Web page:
support our work:meet the team!
What does it mean to live ‘a simple life’ in the 21st century?
Do we even discuss this frequently, or at all, with our Buddhist friends? As we come to the end of Buddhist Action Month, but hopefully only to the beginning of further engagement with the issues raised over the month, this might be an interesting and fruitful question to discuss. How much do we make conscious the fact that we have all grown up and been conditioned by the ethos of materialism and by living in a consumer society? We are surrounded on a daily basis by messages that tell us “If you buy this, is will make you happy.” In fact, the message we receive goes further “I should have this - I deserve this! If I want it, I should be able to have it.” The Buddha, by contrast, was quite clear, that material things cannot possibly be the source of happiness - in fact, he emphasized that attachment to material things is the source of fear, anxiety and need, and the origin of our discomfort and suffering in the world.
Here are a few quotes from one of the books I have enjoyed reading over the last month, Vaddhaka’s ‘The Buddha on Wall Street’; available from Windhorse Publications. He argues in this book that “at the heart of neoliberal capitalism are values that are incompatible with Buddhist values, epitomized by the promotion of greed and selfishness in neoliberal capitalism contrasted with generosity and altruism in Buddhism”. (p6) This makes understanding the implications of neo-liberal capitalism an ethical issue for us all.
“Economic Growth depends, ultimately, on more and more people, wanting more and more, of more and more things.” Charles Handy, an influential business guru
“It’s a story about us, people, being persuaded to spend money we don’t have, on things we don’t need, to create inpressions that don’t last, on people that we don’t care about.” Tim Jackson, Professor of Sustainable Development at Surrey University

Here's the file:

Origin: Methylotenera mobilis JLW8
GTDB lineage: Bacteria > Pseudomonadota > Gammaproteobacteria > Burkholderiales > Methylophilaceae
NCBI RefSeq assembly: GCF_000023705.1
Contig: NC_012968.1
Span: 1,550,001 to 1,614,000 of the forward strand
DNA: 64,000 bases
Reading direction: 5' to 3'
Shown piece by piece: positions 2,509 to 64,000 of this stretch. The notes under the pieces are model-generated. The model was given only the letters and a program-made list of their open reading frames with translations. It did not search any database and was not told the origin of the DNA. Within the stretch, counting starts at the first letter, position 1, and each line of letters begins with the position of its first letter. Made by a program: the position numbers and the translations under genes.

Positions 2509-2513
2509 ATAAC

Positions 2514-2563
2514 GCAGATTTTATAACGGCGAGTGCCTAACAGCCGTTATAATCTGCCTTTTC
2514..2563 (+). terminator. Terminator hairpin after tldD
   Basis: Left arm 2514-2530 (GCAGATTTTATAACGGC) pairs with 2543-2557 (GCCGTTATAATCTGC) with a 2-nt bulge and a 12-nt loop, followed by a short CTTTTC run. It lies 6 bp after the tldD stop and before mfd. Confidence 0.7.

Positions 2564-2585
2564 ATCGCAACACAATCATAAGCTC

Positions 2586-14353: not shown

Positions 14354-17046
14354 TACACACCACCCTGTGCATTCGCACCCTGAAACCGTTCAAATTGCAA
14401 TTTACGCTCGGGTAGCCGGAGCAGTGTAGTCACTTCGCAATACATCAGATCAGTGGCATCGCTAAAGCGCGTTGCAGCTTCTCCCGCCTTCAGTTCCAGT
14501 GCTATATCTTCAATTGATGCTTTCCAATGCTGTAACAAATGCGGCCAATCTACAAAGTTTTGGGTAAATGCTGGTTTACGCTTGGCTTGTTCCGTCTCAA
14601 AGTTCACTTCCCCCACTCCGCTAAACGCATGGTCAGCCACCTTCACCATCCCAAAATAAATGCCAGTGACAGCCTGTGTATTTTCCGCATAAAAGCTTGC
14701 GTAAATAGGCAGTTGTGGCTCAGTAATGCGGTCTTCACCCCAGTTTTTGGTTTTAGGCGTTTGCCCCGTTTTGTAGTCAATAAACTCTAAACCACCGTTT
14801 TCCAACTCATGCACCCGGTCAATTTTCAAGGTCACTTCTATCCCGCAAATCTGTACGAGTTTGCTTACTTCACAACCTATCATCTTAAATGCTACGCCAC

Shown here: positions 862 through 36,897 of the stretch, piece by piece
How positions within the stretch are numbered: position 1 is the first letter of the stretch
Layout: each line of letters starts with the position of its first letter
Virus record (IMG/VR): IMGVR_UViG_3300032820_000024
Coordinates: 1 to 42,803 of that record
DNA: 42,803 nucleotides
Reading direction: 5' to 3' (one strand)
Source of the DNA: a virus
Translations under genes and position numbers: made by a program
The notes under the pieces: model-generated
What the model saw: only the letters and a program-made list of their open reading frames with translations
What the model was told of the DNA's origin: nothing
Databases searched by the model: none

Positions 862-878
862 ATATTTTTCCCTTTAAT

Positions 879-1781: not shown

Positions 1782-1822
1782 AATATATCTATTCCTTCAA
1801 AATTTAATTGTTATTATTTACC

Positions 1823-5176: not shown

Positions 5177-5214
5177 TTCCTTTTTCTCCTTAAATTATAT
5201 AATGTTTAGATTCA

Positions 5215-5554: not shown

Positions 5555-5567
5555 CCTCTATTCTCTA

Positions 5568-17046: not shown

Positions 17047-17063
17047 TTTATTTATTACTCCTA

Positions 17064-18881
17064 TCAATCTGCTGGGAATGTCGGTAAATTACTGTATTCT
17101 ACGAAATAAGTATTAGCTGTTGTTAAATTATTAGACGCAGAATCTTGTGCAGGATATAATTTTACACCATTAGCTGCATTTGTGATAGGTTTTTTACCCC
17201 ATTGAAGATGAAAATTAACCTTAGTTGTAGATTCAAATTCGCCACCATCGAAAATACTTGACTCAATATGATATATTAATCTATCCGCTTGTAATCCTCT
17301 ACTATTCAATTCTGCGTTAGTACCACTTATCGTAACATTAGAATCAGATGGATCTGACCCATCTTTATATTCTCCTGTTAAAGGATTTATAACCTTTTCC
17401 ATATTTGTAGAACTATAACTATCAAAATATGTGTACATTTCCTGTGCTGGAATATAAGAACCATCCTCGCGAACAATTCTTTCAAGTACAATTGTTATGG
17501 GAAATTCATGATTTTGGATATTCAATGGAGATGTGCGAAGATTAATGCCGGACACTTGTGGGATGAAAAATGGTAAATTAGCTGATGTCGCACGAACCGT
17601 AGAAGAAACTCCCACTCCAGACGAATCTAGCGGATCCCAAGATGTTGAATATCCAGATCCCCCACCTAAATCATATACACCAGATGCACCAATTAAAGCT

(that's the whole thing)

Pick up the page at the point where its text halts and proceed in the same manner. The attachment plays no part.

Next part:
Neo-liberal capitalism is incompatible with the strengthening of community: “It is the importance of the ties of necessity that puts community at odds with the foundational assumptions of economics. Markets, based on voluntary, instrumental, opportunistic relationships, are diametrically opposed to the long-term commitments and obligations that characterize community. By promoting market relationships, economics undermines reciprocity, altruism and mutual obligation, and therewith the necessity of community. The very foundations of economics, by justifying the expansion of markets, lead inexorably to the weakening of community.” Stephen Marglin
“Anyone who believes in indefinite growth of anything physical on a physically finite planet is either mad or is an economist.” Kenneth Boulding, environmental advisor to John F, Kennedy in 1962
”We are in the grip of a growth fetish that is causing serious damage to the environment and to nature, with little hope of help on the required funadamental changes from mainstream economics or business. Buddhsim offers the basis of an alternative approach with a dual emphasis on eradicating pollution within and without by tackling the root poisons of greed, hatred and delusion.” Vaddhaka, in The Buddha on Wall Street, p 94